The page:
It has been three months today since GPT-4 was released by OpenAI on 14 March 2023. The effects have been, and will no doubt continue to be, transformational.
Robo-judges and Robo-lawyers
In England and Wales, we are introducing a digital justice system that will allow citizens and businesses to go online to be directed to the most appropriate online pre-action portal or dispute resolution form. The Master of the Rolls, Sir Geoffrey Vos, has said in a speech that he believes that AI will be used within these symptoms to help people read and understand complex sets of rules and instructions, by limiting the material from which the answers to questions can be taken.
Sir Geoffrey Vos said that he predicts machines and Artificial Intelligence “may also, at some stage, be used to take some (at first, very minor) decisions” (Para 21). He explained that generative AI are not programmed to understand the full import of human question, nor are they fully aligned with human values and principles, meaning that humans are unlikely to ever accept personal decisions to be made by machines, such as those concerning the welfare of children. However, in commercial and compensation disputes, where fewer personal matters are involved, parties may have confidence in machine made decisions. Sir Geoffrey Vos explained that this is subject to certain controls, namely, (a) for the parties to know what decisions are being taken by judges and what by machines, and (b) for there always to be the option of an appeal to a human judge.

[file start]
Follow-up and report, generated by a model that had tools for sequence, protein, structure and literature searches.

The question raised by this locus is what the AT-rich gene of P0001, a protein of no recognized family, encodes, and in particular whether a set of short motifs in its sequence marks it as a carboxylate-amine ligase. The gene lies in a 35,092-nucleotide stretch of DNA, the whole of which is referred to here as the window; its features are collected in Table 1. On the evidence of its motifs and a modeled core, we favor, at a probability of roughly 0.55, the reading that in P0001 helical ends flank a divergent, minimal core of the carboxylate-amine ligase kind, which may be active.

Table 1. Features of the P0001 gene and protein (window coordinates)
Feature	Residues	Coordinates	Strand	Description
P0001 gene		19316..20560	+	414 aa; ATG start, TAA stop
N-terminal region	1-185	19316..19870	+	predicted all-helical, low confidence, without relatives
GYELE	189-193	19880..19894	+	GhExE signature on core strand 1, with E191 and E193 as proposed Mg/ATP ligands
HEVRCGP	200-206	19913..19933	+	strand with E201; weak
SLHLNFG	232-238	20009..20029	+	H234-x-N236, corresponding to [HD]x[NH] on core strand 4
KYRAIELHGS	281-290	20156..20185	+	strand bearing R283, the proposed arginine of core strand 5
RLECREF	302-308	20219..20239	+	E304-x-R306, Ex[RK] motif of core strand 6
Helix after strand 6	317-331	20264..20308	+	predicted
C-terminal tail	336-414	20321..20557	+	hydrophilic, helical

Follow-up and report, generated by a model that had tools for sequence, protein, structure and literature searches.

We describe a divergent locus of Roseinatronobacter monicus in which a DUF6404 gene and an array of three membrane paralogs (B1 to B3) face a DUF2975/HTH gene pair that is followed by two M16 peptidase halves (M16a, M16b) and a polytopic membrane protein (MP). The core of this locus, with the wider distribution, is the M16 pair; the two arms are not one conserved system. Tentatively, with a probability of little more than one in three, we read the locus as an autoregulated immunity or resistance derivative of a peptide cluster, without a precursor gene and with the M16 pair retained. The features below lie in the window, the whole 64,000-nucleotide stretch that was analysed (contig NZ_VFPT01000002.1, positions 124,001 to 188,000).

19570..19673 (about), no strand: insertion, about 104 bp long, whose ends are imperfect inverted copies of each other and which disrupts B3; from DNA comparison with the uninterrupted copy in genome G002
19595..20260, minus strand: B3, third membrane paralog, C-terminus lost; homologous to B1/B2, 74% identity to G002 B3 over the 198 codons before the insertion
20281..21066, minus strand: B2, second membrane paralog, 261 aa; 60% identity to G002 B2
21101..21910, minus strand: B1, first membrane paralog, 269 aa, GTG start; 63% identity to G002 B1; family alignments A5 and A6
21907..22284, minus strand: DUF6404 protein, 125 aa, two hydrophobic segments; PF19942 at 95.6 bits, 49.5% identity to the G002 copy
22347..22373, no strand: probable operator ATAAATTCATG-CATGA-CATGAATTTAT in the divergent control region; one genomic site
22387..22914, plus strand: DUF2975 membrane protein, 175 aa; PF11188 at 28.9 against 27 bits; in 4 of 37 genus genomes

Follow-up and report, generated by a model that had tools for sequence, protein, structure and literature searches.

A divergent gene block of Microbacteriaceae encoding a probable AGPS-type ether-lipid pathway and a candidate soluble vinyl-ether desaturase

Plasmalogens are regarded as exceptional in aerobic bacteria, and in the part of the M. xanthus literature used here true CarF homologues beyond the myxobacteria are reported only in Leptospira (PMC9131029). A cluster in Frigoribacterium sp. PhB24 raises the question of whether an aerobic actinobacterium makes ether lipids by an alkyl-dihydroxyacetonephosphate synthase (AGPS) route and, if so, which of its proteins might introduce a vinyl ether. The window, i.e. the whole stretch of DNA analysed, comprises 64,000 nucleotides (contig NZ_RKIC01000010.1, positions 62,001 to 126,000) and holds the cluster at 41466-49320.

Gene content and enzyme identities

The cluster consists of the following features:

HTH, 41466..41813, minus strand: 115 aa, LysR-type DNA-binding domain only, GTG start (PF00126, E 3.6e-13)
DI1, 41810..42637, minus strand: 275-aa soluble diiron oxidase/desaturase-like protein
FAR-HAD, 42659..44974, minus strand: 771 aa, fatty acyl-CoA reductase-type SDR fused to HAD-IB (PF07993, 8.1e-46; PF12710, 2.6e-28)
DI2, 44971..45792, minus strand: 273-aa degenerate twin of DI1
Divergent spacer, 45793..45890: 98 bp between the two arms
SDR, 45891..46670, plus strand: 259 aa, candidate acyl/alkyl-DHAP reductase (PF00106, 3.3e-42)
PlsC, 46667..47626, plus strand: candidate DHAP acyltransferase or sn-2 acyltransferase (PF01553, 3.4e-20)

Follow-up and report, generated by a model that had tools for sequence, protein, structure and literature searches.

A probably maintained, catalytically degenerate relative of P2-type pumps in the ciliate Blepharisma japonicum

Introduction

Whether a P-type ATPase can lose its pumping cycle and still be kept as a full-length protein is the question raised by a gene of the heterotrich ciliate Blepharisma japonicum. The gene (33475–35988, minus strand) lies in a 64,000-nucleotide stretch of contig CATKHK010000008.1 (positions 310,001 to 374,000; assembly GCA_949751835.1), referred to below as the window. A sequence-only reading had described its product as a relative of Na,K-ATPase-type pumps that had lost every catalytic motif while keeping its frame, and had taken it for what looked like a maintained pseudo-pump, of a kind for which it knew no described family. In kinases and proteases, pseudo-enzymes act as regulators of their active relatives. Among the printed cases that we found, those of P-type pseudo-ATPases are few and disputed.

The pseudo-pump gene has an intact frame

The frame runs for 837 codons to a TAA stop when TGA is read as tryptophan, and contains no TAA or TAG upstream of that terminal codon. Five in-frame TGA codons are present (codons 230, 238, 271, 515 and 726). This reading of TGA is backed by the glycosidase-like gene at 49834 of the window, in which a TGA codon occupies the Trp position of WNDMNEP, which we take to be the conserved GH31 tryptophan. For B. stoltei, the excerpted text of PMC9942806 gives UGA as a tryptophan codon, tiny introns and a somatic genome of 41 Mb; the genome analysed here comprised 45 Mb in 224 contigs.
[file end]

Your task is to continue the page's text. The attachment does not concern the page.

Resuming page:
A crucial limitation for us all to understand is that ChatGPT might be missing crucial legal developments, as it has limited knowledge of the events that took place after 2021. Further, legal decision-making involves a range of factors beyond just predicting the outcome of a case, including strategic and ethical considerations, and client goals, that current generative AI is ill-equipped to consider. That is not to say, however, that AI would not be valuable when used in conjunction with human judgement and expertise.
If you are interested in reading Sir Geoffrey Vos’ full Law and Technology conference, you can access it here.
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